At Chewton Glen, a luxury getaway in Hampshire, England, guests can stay in treehouses at the edge of a forest; the doors have a concealed hatch through which staff can deliver room service without making a sound. The Fairmont Vancouver Airport Hotel offers the chain’s first “Quiet Zone,” a floor designed for travelers coming in from long flights or between layovers. Declared a noise-free zone, rooms have triple-paned, soundproof windows; the floor has no bellmen, no housekeeping, and no room service from 8 a.m. to 8 p.m.
The trend makes sense for a number of reasons. Noise complaints regularly top hotel guest satisfaction surveys, while our overwired world has us hooked up and plugged in 24/7—we all need a little stillness to sit and catch our breath. Plus, let’s face it, the world has gotten a lot more obnoxious. Who wouldn’t want to escape the loud-talking group of teenagers next to you at your favorite restaurant, or the guy strutting around the airport gate holding a hands-free conference call that could pass for performance art if it weren’t so annoying?
One of the world’s ultimate quiet zones, the aforementioned Amtrak Quiet Car, was actually cooked up by a group of commuters who persuaded their conductor to try out dedicating an entire car as noise-free. It caught fire; Amtrak soon expanded it, and the Quiet Car now holds cultlike status among regular riders of its rails (for a related take on the Quiet Car elsewhere on Fortune.com, see here).
At Parrot Cay, the “Silence is the new luxury” line actually came from a guest, says Crawford Sherman, regional director of COMO Hotels and Resorts, Parrot Cay’s parent. But he says it’s a big part of the appeal. Silence plays a role in many of the company’s properties; Sherman even draws a distinction between the “mountain silence” at the COMO Shambhala Estate in Bali, and Parrot Cay’s silence, which he maintains is more of an “ocean silence.” (At the mention of different strains of silence, I realize I may be a silence novice.)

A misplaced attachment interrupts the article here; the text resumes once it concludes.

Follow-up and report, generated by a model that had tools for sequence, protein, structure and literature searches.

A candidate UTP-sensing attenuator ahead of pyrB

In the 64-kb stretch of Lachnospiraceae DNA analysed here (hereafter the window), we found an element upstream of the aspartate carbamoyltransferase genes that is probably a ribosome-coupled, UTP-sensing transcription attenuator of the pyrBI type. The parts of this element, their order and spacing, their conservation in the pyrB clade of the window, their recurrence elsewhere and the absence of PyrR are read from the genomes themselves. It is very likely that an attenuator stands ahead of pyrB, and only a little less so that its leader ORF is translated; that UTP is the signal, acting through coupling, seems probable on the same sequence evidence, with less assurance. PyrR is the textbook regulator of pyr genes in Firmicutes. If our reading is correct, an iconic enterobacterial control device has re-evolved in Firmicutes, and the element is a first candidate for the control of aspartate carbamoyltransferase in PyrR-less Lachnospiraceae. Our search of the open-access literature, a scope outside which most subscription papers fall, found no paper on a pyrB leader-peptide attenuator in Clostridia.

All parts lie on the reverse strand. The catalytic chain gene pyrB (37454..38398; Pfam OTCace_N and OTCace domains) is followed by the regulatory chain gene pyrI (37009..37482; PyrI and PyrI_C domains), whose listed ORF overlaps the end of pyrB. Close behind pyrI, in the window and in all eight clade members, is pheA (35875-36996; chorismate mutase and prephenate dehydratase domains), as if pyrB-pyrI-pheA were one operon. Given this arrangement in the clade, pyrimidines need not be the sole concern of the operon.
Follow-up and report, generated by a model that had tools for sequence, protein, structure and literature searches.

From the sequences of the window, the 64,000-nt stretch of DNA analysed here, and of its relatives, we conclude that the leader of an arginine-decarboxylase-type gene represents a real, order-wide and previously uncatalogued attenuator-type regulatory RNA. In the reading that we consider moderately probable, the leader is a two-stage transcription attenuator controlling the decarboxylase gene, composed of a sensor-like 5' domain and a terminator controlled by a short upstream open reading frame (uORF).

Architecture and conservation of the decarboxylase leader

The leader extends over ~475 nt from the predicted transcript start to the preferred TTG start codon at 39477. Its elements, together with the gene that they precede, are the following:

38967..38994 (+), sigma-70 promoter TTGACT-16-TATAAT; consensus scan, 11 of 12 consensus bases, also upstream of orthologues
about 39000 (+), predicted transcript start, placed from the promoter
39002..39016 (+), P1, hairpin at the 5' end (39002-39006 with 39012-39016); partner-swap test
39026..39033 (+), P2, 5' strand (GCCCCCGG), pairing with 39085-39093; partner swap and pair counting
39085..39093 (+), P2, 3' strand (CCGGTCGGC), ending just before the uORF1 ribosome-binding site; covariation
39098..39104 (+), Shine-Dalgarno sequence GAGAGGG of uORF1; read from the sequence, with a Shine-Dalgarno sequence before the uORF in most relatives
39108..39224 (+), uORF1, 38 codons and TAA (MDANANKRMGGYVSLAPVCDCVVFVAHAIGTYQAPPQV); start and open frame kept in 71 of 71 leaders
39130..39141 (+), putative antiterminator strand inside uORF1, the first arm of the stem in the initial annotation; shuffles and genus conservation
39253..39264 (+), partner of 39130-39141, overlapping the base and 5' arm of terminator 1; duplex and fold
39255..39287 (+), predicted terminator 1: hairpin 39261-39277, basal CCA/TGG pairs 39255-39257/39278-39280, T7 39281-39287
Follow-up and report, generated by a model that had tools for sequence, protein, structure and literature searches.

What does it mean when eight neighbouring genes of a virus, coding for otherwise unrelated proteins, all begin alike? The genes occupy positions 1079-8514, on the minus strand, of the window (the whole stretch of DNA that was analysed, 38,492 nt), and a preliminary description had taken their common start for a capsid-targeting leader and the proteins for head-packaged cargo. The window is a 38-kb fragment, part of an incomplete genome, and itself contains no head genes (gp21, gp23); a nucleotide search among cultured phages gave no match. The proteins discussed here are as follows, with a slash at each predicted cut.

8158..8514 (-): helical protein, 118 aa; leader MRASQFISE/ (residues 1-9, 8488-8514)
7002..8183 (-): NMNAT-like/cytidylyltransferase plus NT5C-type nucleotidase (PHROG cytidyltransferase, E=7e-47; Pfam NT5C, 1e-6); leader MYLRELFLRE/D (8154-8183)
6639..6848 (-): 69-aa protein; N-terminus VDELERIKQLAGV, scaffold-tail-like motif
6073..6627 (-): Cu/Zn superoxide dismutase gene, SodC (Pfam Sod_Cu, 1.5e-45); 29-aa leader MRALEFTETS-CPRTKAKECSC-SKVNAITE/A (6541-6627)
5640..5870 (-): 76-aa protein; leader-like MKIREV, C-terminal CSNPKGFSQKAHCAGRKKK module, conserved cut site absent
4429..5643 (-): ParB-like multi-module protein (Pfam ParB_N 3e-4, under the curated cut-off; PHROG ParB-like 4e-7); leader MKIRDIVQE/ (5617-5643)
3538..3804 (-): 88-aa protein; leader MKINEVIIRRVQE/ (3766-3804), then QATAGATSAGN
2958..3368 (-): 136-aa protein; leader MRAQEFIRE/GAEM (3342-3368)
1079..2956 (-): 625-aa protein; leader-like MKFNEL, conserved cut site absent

Several months after my stay at Parrot Cay, I took a trip to another noise-free refuge, the Mayflower Grace, a 30-room hotel and spa in Washington, Conn. (Washington is one of the silent-est places I have ever been; if there were ever the need for a headquarters of the Noise-Averse of the World society, this would be it.) At the Mayflower, silence is not marketed per se, but it’s a main draw for the stressed-out New Yorkers who go there; the relaxation room at its spa, where “inside voices” are encouraged, is an ethereal sanctuary; there’s also a labyrinth maze for taking contemplative walks and a Shakespeare garden.
The hotel’s head of marketing, Allison Kline, says that while there’s no official policy on noise, guests pick up on the cues of their surroundings; the spa naturally encourages quiet, but not so much at the Tap Room in the main lodge, a cozy pub and piano bar. “Certainly in the Tap Room, people will get louder, as expected,” says Kline.
Indeed they did, the night my mom and I enjoyed a festive dinner there chatting it up with the locals. Silence is golden, yes, but every now and then there’s nothing wrong in balancing it with a good, old-fashioned raucous pub.
The Sound of Silence
PARROT CAY BY COMO
$350 and up
$400 and up
BEVERLY HILLS HOTEL
$445 and up
FAIRMONT VANCOUVER AIRPORT
$300 and up
$970 and up
Additional reporting by Robert Hackett
This story is from the October 6, 2014 issue of Fortune.